Coptic Orthodox Diocese of the Southern United States

Faith: Belief Without Evidence?

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A constant reproach brought against us by unbelievers is that Christianity's espousal of faith is an ignorant and cowardly retreat from brute reality. "Faith", to paraphrase one popular atheist, "is needed when there is a lack of evidence, or sometimes in the teeth of contrary evidence." It is the pride of scientists that they, it is asserted, proportion their belief exactly to the strength of the evidence. When empirical proof is strong, their belief is strong. When proof begins to fade, their belief is weakened. And when contrary proof finally arrives, belief is withdrawn altogether. The Christian's form of belief on the other hand, they derisively complain, refuses stubbornly to move with the shifting evidence. A faith that has "stood firm", despite its illogicality, is seen as praiseworthy; and the more absurd the belief, the more saintly the believer. The willingness to believe in something so stupendous as a miracle-working God, without clear and indisputable evidence, is regarded as an insane refusal to think.

We ought to begin by saying that, if this were an accurate description of the facts, as C.S. Lewis has well pointed out, the coexistence within the same species of religious people and scientific people would be quite astonishing. How a person who is trained in the sciences, who has learned never to a accept a hypothesis unless it is well-attested by experimental data and recommended by reputable journals—how such a one can turn around and profess belief in what is an allegedly chaotic mass of incredible stories—defies explanation. But it is at least clear from history that, considering how many scientific pioneers have also been men of deep faith, the whole story of the collision between faith and science cannot be as hopeless as usually thought.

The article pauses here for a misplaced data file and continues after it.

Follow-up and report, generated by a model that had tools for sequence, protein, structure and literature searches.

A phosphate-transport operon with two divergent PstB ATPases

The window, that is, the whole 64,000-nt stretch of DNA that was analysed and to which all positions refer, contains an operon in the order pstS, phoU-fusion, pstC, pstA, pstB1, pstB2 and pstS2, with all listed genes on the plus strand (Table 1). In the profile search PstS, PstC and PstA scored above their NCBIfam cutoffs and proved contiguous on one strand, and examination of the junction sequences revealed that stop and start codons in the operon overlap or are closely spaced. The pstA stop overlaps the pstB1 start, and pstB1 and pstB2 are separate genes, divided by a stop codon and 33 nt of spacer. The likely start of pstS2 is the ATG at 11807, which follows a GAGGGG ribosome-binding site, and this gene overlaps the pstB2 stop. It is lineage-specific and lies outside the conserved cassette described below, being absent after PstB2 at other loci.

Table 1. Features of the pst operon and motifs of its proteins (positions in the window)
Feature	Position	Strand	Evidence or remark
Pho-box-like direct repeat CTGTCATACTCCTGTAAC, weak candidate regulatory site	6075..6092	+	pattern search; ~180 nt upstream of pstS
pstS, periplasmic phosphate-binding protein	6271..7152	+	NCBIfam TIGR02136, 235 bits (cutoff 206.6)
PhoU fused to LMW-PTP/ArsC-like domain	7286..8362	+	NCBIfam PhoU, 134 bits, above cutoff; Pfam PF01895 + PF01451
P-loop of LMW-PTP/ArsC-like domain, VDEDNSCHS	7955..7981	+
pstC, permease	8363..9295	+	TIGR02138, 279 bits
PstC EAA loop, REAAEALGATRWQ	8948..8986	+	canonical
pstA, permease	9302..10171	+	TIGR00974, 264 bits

The debate often turns on the distinction between belief and knowledge. A man says he believes something is true when his grounds for believing it comes short of absolute certainty. "I believe it is five o'clock," is said by a man who sees the sun just above the horizon on a winter day, because it is a reasonable deduction: though he admits he cannot say for sure. When a watch is produced, he says, "It is four forty-five," not with the uncertain vocabulary of estimates but with scientific precision. If someone asks me if there is milk in my fridge, I may answer, "I believe so," based on the presumption that that commodity is never allowed to disappear from the household. When I open the fridge and see the milk, my answer becomes "Yes". In the first case of both examples, I profess belief in a proposition on reasonable grounds; in the second case, the belief passes into knowledge.

Now we must apply this distinction to a more lengthy analogy to get closer to an understanding of how sensible people can believe in God. Say I am invited, along with my wife and baby, to a friend's house for dinner. I go ahead of my wife and baby to help my friend prepare, and my wife says she will arrive between 3:00 and 3:30 pm. The doorbell chimes at 3:10 pm, voices are heard at the doorway, and I hear the typical click-click of my wife's heels. If someone were to ask me if my wife had arrived, I would respond, "I believe so," but with only a moderate certainty, for it could well be another woman who had arrived with similar shoes. Now, if in addition to the foregoing evidence I heard a baby's squeal, my conviction would be stronger but still not absolute. If in addition I believed myself to have faintly heard my wife's own familiar voice, my belief would be strengthened to almost certainty, and I would say, "I am pretty sure she is here," but still without the absolute proof of seeing her form.

But we need to alter the circumstances of our metaphorical party to account for the apparent counter-evidences and doubts that arise in such belief: I am in the house, it is past 3:00 pm, I see my wife's bag and my baby's stroller, but I cannot myself spot them. I ask several visitors if they have seen my wife, and each of the respondents says yes, they believe they have seen her, but because of the density of the crowd they are not absolutely sure. I finally run into my best friend, a good, honest, and intelligent man, who has always proven to be a reliable source, and he tells me, "Yes. In fact, I was speaking with your wife not even five minutes ago." The unmistakable tokens of her presence, along with the consensus of the witnesses, and especially the confident attestation of my good friend, compel me to a nearly absolute conviction that my wife is indeed in the house. My conviction has not yet advanced to actual knowledge, because I have not verified the fact with my own eyes, but the signs and testimonies are so strong that my belief is virtually without doubt.